Use Toilet Paper or Wash “IT” with your bare hands?
Do you still remember the man who used water instead of a toilet paper and then got discharged because of this "un-Australian" toilet habits? Years passed but the topic about proper sanitation like this and personal choice of toilet hygiene is still debatable.
In 2009, a report from Townsville bulletin identified the man as Amador Bernabe, 43, a machine operator in Townsville on a working visa from the Philippines. Bernabe claimed that his foreman followed him into the bathroom questioning his toilet hygiene.
Amador Bernabe said his employer, Townsville Engineering Industries (TEI), sacked him for not going to the toilet the Australian way.
The Australian foreman allegedly confronted him right after he took a bottle of water and he followed him into the toilet despite his protest.
"You can't bring the water in there'," the foreman said. And I replied, "It's my personal hygiene. I didn't break any law, I didn't break any rules of the company, why can't I do this?" The foreman then said he would report Bernabe to the manager.
The next day, Amador was called into the manager's office.
"He asked me what had happened and I explained to him and he said if I didn't follow the Australian way I would be immediately terminated and I said 'sir, then you better terminate me'," Bernabe narrated.
The move angered union bosses and politicians on the Australia Day weekend. Australian Manufacturing Worker's Union state organiser Rick Finch said the incident was shocking.
"I think it is atrocious, an invasion of a person's rights and cultural beliefs," Finch said.
If it wasn't so disgusting it would almost be laughable. Greens spokeswoman Jenny Stirling praised Bernabe for standing up for his rights.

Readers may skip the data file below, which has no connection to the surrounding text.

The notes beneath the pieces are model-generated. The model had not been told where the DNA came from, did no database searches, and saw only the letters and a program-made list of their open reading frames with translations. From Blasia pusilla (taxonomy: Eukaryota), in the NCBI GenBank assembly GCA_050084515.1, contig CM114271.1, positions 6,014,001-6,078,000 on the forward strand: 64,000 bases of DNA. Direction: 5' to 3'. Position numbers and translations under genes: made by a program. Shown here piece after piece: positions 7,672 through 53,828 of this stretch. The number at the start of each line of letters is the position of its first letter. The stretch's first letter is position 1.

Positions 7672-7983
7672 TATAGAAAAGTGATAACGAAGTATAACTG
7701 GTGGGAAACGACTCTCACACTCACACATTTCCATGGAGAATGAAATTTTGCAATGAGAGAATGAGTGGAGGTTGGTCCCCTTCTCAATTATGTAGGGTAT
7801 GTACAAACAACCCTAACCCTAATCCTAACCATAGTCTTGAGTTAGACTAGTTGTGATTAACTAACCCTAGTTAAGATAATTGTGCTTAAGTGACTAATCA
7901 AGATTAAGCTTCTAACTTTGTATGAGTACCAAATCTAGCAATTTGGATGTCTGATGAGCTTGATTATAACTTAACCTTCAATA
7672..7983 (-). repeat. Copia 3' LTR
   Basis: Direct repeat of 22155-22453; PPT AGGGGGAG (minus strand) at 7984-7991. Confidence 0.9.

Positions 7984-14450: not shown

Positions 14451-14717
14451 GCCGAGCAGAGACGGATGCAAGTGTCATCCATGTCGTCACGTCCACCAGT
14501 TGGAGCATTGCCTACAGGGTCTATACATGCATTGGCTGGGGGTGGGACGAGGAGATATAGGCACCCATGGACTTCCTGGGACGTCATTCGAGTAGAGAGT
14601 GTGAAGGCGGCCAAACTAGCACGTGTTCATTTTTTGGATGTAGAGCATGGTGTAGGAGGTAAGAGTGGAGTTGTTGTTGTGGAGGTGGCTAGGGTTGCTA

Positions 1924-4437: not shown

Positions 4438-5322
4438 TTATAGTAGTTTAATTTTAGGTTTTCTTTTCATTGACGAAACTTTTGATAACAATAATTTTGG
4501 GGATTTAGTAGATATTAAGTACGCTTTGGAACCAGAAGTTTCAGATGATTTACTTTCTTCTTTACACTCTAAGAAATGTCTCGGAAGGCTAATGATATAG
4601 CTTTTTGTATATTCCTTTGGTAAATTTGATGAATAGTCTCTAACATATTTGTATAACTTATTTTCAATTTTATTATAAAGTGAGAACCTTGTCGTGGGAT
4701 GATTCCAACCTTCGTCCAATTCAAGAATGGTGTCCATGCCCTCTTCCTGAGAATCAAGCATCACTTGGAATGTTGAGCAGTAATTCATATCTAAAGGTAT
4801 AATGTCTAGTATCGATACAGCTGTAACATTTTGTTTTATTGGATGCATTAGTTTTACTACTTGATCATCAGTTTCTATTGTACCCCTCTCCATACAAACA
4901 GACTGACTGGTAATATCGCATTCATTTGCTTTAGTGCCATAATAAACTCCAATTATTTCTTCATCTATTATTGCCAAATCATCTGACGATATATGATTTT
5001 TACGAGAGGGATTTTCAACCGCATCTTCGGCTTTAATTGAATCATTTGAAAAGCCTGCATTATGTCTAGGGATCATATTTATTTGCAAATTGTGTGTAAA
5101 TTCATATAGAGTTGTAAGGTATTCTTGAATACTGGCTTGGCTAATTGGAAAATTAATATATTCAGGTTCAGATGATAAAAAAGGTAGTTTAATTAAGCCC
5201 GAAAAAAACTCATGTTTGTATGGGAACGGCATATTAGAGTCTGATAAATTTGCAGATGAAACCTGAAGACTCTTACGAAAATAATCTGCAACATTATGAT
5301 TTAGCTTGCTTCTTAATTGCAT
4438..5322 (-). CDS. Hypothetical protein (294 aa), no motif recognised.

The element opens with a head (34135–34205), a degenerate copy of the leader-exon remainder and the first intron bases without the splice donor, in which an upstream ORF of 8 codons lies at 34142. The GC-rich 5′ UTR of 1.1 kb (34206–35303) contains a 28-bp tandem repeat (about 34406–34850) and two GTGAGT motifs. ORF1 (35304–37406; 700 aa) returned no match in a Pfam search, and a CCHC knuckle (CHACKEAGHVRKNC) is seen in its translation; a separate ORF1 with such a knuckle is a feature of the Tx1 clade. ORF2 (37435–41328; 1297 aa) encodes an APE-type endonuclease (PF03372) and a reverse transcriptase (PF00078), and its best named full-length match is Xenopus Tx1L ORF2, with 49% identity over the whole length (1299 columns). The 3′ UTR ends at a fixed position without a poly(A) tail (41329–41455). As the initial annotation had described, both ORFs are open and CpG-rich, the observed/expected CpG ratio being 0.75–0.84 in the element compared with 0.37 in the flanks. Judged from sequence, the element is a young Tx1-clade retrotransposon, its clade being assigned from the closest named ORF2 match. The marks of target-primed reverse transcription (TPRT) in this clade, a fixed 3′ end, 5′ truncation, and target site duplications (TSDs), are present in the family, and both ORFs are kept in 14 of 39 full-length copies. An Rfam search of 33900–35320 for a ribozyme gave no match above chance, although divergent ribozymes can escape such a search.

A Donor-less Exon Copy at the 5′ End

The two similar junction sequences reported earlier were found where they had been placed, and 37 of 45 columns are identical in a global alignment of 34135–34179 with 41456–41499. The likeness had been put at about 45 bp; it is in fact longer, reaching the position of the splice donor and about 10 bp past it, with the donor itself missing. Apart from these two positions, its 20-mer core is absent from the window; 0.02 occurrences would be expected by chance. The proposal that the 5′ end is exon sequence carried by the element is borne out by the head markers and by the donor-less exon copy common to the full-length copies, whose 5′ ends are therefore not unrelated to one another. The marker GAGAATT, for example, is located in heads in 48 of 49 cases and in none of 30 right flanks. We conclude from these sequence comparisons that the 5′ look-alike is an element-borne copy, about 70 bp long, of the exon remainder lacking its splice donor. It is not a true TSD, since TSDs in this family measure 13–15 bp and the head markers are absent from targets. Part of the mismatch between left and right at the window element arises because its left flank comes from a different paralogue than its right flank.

"I commend the man for standing up for himself and I encourage the employer to have further talks with the union and the employee and I am sure common sense will prevail," she said.
"I would like to see how Australians feel when they go to Europe where in places they don't have toilet paper."
I think this is an odd thing to talk about, some things are considered wrong or unethical in some places. But if you go to another place, it is now treated as customary and acceptable.
When Filipinos do their business in the toilet, they opt to wash the soiled area with water, then soap, then rinse with water, then wash their hands with water then soap and rinse with water again. Filipinos see the practice of just using toilet paper (no water, no soap) as unhygienic. For people who can afford tissue paper, they use it to dry themselves though.
In some countries, they consider using toilet paper in washing "IT" because they believe it will clean the area without messing your hands and making it smelly, while the truth is, the smell and stains still remain in their holes.
But the more important thing here is RESPECT, let the person do the things he used to do or where he is accustomed at and there will be no setbacks. It’s their own cushions that they’re cleaning anyway and not yours.